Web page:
The Residents

The Residents are an American avant-garde music and visual arts group. They have created over sixty albums, created numerous musical short films, designed three CD-ROM projects and ten DVDs, and undertaken seven major world tours. Throughout their career, spanning nearly four decades, they have maintained anonymity.

The Residents supposedly hail from Undergrowth, where they met in high school in the 1960s. In 1966, members headed west to San Francisco, California. After their truck broke down in San Mateo, they decided to remain there. Like all information pertaining to the early days of the band, this is provided by The Cryptic Corporation and may or may not be invented.

While attempting to make a living, they began to experiment with tape machines, photography, and anything remotely to do with "art" that they could get their hands on. Word of their experimentation spread and in 1969, a British guitarist and multi-instrumentalist named Phil Lithman and the mysterious N. Senada (whom Lithman had picked up in Bavaria where the aged avant-gardist was recording birds singing) paid them a visit, and decided to remain.

The two Europeans would become great influences on the band. Lithman's guitar playing technique earned him the nickname Snakefinger, after his frantic playing on the violin during the performance with The Residents at The Boarding House in San Francisco 1971, where his fingers' speed made them look like snakes in the eyes of the less-musically proficient but imaginative Residents.

The group purchased crude recording equipment and instruments and began to make tapes, refusing to let an almost complete lack of musical proficiency stand in the way.

In 1969 the group began to make the first of their unreleased tapes. Rumors have surfaced of two of perhaps hundreds of unreleased reel-to-reel items titled Rusty Coathangers for the Doctor and The Ballad of Stuffed Trigger. The titles may be in question (as is the idea that these were album-length recordings), but the first title has been confirmed by a former head of the now defunct Smelly Tongues fan club. Further evidence of pre-1970 recordings surfaced with the release of the song "I Hear You Got Religion", supposedly recorded in 1969, and released originally as a downloadable track from Ralph America in 1999. Cryptic says there are lots of tapes dating back decades, but they were all recorded before the group had officially become "The Residents" so the band does not consider them to be part of their discography.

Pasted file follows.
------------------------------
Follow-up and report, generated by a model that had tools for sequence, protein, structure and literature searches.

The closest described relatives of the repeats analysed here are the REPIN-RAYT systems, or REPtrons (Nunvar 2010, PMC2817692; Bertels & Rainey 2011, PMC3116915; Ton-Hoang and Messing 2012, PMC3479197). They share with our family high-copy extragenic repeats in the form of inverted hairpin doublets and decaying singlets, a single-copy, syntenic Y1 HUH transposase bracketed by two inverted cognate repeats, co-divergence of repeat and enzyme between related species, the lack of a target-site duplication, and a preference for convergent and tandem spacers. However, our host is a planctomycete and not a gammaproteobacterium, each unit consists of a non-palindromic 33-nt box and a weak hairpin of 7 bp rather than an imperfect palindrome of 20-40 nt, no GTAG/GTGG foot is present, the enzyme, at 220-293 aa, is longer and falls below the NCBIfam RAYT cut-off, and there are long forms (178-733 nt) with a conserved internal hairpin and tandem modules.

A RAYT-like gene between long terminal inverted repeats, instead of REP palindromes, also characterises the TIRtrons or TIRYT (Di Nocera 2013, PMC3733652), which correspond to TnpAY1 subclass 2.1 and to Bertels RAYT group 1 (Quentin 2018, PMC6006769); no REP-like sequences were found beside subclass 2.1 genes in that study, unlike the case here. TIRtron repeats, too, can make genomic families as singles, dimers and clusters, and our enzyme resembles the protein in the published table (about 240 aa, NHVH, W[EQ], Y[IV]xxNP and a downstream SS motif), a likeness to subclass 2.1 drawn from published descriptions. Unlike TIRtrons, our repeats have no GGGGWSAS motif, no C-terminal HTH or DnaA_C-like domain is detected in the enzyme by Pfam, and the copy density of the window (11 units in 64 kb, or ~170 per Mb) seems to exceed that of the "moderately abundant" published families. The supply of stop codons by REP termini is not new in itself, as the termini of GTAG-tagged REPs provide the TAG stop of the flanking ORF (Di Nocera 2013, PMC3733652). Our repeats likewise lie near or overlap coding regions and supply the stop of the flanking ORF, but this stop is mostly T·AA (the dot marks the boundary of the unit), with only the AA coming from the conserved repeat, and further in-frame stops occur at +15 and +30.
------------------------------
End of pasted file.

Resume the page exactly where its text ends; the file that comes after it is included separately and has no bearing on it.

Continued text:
In 1971 the group sent a reel-to-reel tape to Hal Halverstadt at Warner Brothers, since he had worked with Captain Beefheart (one of the group's musical heroes). Halverstadt was not overly impressed with "The Warner Bros. Album" (he describes it as "okay at best" in "Uncle Willie's Cryptic Guide to the Residents"), but awarded the tape an "A for Ariginality". Because the band had not included any name in the return address, the rejection slip was simply addressed to "The Residents". The members of the group then decided that this would be the name they would use, first becoming Residents Unincorporated, then shortening it to the current name.

The first performance of the band using the name "The Residents" was at the Boarding House in San Francisco in 1971. That same year another tape was completed called Baby Sex. The original cover art for the tape box was a silk-screened copy of an old photo depicting a woman fellating a small child.

In 1972 they moved to San Francisco and formed Ralph Records. By this time, The Cryptic Corporation was operating as a partnership and incorporated to take over the running of Ralph Records.